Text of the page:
Intel lost 3.8 percent to $23.26 for the biggest drop in the Dow. Morgan Stanley reduced its third-quarter revenue and earnings projections, saying the company faces margin erosion ahead. Estimates for the Santa Clara, California-based company have further downside risk due to headwinds facing notebook shipments and decelerating demand in China, according to Nomura’s Romit Shah. Intel slashed its third-quarter sales forecast last week.
International Paper dropped 4.2 percent to $34.79. Deutsche Bank’s Mark Wilde cut his recommendation on the world’s largest paper and pulp producer and other containerboard makers, saying price increases are “not a done deal.” He cited the Institute for Supply Management’s manufacturing report for August that was below 50, which is the dividing line between expansion and contraction.
American International Group Inc. retreated 2 percent to $33.30. The U.S. Treasury is offering to sell $18 billion of shares in a transaction that may cut taxpayers’ stake in the firm to below 50 percent for the first time since its 2008 bailout. The insurer plans to buy back as much as $5 billion of the shares and Citigroup Inc., Deutsche Bank AG, Goldman Sachs Group Inc. and JPMorgan Chase & Co. are managing the sale, the Treasury said yesterday in a statement.
Titan Machinery Inc. plunged 23 percent to $19.41. The owner of agricultural and equipment stores reduced its forecast for 2012 earnings. It estimates profit to be no more than $2.30 a share, compared with an earlier prediction of at least $2.55 a share. The company also reported second-quarter earnings of 25 cents a share, missing the average analyst estimate of 43 cents.
Plains Exploration & Production Co. sank 11 percent to $36.09. The oil company said it agreed to buy BP Plc’s interests in certain deepwater Gulf of Mexico oil and natural-gas assets for $5.55 billion. The assets have production equivalent to 59,500 barrels of oil a day.
Michael Kors Holdings Ltd. declined 4.5 percent to $53.50. The high-fashion retailer said last week after markets closed that some of its investors will sell 20 million shares in a so-called secondary sale.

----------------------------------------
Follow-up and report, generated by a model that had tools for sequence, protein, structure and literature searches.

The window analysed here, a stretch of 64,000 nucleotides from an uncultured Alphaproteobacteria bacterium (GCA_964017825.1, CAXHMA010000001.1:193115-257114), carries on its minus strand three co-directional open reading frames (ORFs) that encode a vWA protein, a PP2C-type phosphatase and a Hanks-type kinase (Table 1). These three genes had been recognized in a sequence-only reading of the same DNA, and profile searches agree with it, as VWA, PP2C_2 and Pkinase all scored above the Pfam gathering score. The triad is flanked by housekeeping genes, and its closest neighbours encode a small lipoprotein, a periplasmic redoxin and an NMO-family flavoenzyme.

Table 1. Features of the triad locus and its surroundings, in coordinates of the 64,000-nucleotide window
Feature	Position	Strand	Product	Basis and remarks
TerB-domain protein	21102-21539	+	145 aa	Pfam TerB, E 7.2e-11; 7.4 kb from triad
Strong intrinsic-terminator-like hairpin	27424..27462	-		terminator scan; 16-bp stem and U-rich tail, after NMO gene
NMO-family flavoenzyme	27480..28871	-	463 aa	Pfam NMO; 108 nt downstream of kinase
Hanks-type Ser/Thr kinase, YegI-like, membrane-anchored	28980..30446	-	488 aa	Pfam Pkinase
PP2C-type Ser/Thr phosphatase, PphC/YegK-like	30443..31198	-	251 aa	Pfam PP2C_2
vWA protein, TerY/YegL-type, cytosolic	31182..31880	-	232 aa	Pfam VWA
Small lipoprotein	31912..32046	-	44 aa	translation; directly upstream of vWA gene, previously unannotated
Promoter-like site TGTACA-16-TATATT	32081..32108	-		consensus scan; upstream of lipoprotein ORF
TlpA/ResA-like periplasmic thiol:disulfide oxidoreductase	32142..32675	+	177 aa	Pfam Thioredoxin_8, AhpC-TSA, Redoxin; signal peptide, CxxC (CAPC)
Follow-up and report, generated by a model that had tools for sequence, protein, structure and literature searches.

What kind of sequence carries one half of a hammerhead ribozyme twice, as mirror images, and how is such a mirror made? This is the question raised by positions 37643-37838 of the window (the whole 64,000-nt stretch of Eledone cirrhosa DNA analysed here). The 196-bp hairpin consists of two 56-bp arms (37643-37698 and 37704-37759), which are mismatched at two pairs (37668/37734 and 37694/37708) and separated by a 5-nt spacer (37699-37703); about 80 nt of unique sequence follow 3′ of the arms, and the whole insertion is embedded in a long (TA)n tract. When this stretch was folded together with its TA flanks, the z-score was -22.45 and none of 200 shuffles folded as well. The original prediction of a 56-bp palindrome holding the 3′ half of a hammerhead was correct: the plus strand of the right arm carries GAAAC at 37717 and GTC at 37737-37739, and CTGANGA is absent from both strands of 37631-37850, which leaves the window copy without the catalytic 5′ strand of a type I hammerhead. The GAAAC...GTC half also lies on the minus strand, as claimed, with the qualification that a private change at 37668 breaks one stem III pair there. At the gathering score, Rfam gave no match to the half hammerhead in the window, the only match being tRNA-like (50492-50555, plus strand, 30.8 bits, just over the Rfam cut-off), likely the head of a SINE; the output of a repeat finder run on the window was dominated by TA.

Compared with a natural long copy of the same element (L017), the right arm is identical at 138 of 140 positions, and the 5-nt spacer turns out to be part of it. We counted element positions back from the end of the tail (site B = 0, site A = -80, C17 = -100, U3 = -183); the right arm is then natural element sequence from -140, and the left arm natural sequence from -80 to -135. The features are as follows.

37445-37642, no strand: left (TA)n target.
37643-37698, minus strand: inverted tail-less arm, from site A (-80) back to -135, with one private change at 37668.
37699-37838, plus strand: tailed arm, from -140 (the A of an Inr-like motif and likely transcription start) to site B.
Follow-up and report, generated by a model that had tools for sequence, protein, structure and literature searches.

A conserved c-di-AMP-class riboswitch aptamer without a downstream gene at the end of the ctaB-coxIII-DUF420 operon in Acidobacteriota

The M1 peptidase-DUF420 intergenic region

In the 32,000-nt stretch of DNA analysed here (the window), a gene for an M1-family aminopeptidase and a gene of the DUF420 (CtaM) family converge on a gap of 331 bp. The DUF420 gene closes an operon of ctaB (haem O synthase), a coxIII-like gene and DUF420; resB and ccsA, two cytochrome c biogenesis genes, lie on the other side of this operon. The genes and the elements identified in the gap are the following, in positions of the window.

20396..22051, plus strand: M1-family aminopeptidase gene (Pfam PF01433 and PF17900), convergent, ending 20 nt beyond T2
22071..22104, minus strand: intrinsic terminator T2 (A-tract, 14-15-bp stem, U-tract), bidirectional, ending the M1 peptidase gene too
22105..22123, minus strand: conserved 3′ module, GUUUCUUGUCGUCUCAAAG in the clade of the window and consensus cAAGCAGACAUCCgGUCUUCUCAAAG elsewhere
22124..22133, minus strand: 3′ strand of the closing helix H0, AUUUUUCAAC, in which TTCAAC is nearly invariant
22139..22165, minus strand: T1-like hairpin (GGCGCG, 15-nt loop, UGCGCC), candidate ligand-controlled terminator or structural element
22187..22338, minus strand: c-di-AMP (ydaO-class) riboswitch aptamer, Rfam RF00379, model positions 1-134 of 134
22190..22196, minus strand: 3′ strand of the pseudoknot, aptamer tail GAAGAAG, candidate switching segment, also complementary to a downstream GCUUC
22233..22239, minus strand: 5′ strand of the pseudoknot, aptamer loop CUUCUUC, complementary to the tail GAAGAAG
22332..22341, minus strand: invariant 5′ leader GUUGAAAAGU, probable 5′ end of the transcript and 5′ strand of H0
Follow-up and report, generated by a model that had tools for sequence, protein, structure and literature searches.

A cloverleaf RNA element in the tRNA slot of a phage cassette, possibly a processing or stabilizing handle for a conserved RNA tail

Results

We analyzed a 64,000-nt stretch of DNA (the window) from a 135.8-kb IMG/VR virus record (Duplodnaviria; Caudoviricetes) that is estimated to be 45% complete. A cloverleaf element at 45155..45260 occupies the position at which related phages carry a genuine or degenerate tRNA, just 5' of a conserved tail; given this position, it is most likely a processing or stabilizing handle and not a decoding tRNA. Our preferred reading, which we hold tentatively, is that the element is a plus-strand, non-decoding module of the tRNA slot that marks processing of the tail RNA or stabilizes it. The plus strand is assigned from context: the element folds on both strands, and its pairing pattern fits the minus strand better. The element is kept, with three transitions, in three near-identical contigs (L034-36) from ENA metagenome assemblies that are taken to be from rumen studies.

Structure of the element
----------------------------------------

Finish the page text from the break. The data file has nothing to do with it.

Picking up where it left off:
Telephone stocks posted the only gain among 10 S&P 500 group. Verizon Communications Inc. added 0.8 percent to $44.06.
Sprint Nextel Corp., the third-largest U.S. wireless carrier, rose 2.4 percent to $5.15. Mike McCormack, a Nomura analyst in New York, raised his recommendation on Sprint to buy from neutral in a report today, citing cost savings from the company’s network-improvement plan. He now expects Sprint’s shares to reach $7 over the next 12 months, up from a previous target of $2.50.
Hewlett-Packard Co. jumped 0.8 percent to $17.43. The world’s largest personal-computer maker expanded the total job cuts under its reorganization plan announced in May to 29,000, more than it had originally disclosed.
The S&P 500 will surge through the end of 2013 to a record 1,615 as an improvement in capital investment and industrial production boost earnings, Citigroup Inc. strategists led by Tobias Levkovich wrote in a report dated Sept. 7. Gamco Investors Inc.’s Howard Ward also said U.S. stocks may rally to record highs in the next four months as consumers increase spending and help drive up corporate earnings.
“The key message to investors is get in stocks,” Ward, a fund manager who helps oversee $35.6 billion at Gamco in Rye, New York, said in a television interview on “Bloomberg Surveillance” with Tom Keene and Sara Eisen. “It’s not too late. If we can avoid a fiscal cliff-driven, recession-type of hit, we’re going to have a new high in stocks in the next three to four months.”
A deal by U.S. lawmakers to head off automatic tax increases and spending cuts at the start of next year may be “messy” and could hurt stocks, Goldman Sachs Group Inc.’s chief U.S. equity strategist David Kostin said. The automatic spending cuts totaling about $1.2 trillion would be carried out beginning Jan. 2 unless lawmakers reach a deal to cancel or modify them.
The so-called fiscal cliff “is unlikely to be resolved in a smooth fashion, and probably will be resolved in a messy way,” Kostin said today at a conference in San Diego sponsored by the Insured Retirement Institute.